The Aston Martin Valkyrie AMR Pro started its life way back in 2017 as the AM RB001. This was the product designed and created by the legendary designer Adrian Newey. The idea was to take inspiration from the Formula 1 car and make all that technology, speed, and innovation available for the masses in the form of a street-legal car. The designers and engineers did underestimate themselves when they ended up designing the Valkyrie. The car featured over 1000 HP and weighed around 2,200 lbs. This vehicle had enough downforce and aero to ride on the ceiling upside down.

The Valkyrie AMR Pro takes the already impressive Valkyrie and makes it even better. The AMR Pro does not have many changes from the standard Valkyrie, but those few changes make the vehicle feel way better. It is the epitome of engineering, and the closest one can get to feel and drive a full-blown Formula 1 car.

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Best Feature of the Valkyrie AMR Pro: Formula One Tech

The 2022 Aston Martin Valkyrie AMR Pro's Side View

The Valkyrie takes a lot of design and technology inspiration from Aston Martin’s Formula 1 car. The Formula 1 car is considered to be the most advanced form of motorsport, and scaling it down while keeping the essence of the sport intact was not an easy task, but Aston managed to do that with the Valkyrie. To begin with, the F1 car makes use of a carbon fiber monocoque chassis, which is used on the Valkyrie. The vehicle makes extensive use of carbon fiber to keep its weight down, thus achieving an incredible power-to-weight ratio. The engine is also a part of the chassis in the Valkyrie which means it is a stressed member of the vehicle and is bolted onto the chassis along with the suspension components.

Talking about the suspension of the Valkyrie, it also comes from the F1 car. It is not a traditional coil spring suspension that we find in many modern-day cars; instead, it is a push rod and wishbone setup. The Valkyrie also gets state-of-the-art brake ducts from its formula 1 sibling to keep the power in check. These ducts essentially cool the vehicle's brakes and help them perform better. To summarize the purpose of the Valkyrie AMR Pro, it is the no-rules version of the standard Valkyrie. This is a hypercar with Le Man's prototype-level performance (and pedigree), but without being held back by racing rules or power restraints—or anything required of street-legal cars. While the standard Valkyrie can be road and track-driven, the AMR Pro is not legal for the road.

Aston Martin Valkyrie AMR Pro Gets A Hybrid Powertrain

The 2022 Aston Martin Valkyrie AMR Pro's Back View
via Aston Martin

The Valkyrie features a state-of-the-art hybrid powertrain, which is not present to make the Valkyrie more fuel-efficient or clean for the environment. The only purpose of the hybrid engine is to make more power, and the Valkyrie makes a lot of it. Cosworth develops the engine of the Valkyrie, and the unit is a 6.5-liter V12 engine that alone produces over 1000 HP, while the battery system of the vehicle is developed by Rimac, the ultimate electric hypercar maker. The electric motors alone generate over 160 HP, and the combined power output is around 1,160 HP and 663 lb-ft of torque. These figures get even more exciting on the Valkyrie AMR Pro. The AMR features the same powertrain, but the V-12's calibration has been tweaked to boost the output. The AMR Pro has a lighter curb weight than the road car, and the automaker claims that it can generate more than its weight in downforce.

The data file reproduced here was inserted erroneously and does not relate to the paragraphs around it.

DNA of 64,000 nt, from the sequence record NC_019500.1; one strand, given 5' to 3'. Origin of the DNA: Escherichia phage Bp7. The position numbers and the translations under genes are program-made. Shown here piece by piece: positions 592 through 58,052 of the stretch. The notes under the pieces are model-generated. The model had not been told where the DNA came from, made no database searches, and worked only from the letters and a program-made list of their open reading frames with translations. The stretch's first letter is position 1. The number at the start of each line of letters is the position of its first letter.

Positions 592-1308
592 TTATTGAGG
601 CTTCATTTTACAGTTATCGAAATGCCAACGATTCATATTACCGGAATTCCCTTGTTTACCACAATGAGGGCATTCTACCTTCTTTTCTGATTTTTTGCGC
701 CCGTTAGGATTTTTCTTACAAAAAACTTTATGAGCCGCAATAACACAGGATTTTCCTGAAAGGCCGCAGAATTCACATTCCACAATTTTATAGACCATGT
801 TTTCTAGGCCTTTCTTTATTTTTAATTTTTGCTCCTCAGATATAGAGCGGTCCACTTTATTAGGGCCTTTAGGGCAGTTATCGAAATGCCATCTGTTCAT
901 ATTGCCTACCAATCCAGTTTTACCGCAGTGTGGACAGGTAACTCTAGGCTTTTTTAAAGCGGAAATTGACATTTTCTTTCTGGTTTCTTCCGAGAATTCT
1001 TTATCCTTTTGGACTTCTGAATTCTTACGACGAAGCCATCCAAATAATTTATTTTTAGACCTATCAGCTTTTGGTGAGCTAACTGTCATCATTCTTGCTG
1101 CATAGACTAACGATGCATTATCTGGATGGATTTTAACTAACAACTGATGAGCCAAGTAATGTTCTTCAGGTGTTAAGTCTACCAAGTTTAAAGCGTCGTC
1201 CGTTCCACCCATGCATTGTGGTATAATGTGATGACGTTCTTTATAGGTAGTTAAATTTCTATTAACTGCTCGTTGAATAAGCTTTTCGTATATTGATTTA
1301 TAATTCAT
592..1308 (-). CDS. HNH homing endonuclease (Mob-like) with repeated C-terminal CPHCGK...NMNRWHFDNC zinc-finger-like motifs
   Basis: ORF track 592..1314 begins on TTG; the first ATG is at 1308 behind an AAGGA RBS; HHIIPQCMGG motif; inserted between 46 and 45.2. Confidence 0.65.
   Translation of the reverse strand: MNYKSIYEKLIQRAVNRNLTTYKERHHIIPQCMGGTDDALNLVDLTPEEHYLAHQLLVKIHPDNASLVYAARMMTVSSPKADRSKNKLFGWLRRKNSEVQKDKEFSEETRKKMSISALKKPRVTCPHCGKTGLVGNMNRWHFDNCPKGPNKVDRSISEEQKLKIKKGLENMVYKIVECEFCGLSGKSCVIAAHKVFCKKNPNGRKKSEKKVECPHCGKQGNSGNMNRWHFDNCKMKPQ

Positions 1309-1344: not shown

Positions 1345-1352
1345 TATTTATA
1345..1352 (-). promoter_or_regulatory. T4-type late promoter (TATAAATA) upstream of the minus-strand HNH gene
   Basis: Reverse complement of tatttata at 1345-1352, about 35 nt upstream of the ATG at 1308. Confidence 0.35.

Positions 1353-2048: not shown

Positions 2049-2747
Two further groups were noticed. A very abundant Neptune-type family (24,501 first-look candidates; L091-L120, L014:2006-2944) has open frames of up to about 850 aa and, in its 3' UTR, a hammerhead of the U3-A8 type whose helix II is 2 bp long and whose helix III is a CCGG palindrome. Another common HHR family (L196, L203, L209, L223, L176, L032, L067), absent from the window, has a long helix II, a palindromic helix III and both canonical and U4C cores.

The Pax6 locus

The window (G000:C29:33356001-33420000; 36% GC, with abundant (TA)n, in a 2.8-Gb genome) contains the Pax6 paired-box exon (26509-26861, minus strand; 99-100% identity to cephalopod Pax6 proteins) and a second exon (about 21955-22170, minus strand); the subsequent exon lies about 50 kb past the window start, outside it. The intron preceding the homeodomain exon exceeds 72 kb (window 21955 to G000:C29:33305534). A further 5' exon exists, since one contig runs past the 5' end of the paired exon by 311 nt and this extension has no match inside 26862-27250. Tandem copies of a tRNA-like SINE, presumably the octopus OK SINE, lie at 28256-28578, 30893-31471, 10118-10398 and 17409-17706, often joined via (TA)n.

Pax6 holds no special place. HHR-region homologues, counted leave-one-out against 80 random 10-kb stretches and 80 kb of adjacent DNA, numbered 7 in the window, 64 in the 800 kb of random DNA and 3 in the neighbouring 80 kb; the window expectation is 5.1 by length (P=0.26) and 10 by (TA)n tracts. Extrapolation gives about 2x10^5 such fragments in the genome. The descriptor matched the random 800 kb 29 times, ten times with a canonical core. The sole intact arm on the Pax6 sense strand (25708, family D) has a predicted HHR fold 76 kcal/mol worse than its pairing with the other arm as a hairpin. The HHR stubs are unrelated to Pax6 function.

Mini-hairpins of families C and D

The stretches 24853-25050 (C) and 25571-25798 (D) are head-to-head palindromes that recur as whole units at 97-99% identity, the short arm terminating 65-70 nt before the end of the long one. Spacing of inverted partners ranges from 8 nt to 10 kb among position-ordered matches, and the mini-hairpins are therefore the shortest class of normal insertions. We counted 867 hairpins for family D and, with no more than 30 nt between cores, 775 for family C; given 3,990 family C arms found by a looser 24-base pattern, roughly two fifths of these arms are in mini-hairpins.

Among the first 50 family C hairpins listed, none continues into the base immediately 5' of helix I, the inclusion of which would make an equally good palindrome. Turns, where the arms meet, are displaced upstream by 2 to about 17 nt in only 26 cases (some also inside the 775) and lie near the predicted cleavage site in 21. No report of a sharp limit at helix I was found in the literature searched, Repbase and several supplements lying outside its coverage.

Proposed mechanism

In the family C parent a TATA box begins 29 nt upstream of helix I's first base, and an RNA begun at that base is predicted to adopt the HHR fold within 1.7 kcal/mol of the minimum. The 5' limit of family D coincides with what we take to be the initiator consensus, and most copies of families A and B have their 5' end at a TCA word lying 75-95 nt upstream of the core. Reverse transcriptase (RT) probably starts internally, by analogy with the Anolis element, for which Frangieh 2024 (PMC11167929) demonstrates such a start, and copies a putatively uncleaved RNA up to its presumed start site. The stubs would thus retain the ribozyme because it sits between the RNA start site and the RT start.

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Better Than The Standard Valkyrie

The 2022 Aston Martin Valkyrie AMR Pro's Top View

While Valkyrie remains the street-legal version of the Formula 1 car for Aston Martin, they did not hold back their punches while making the Valkyrie AMR Pro. The AMR Pro is a product of when engineers and designers are given the freedom to do what they want to do. There are minor differences in proportion in both the cars. The AMR's wheelbase is longer by approximately 15 inches, and the vehicle is also wider by 3.8 inches at the front and 4.5 inches at the back. The AMR also features an upgraded aero package that adds 10.5 inches of additional length and doubles the maximum downforce the standard Valkyrie produces.

Aston Martin also claims that cornering the AMR Pro produces an excess 3G of force. The AMR Pro also does not have any minimum weight requirement for street or track legal. The AMR has been fitted with carbon fiber throughout and the Perspex windshield and side windows to bring its weight down even further. The headlights and taillights have also made way for carbon fiber panels, and the interior features nothing but bare-bones in the form of a seat made of carbon fiber and a screen to show the rpm, speed, and gear. The AMR Pro was designed with a target lap time around the 8.5-mile 24H Le Man's circuit of 3 minutes 20 seconds – a blistering performance that would see the Valkyrie AMR Pro battling with the front running LMP1 cars for an outright win in the world's greatest endurance race.

Aston Martin has claimed to build around 40 units of the Valkyrie AMR Pro, all of which are left-hand drive cars. The vehicle's pricing is not officially revealed yet, but is expected to be in and around $4 million. This price is without any optional customizations. The Valkyrie AMR Pro is a one-of-a-kind vehicle and a masterpiece by Aston Martin.

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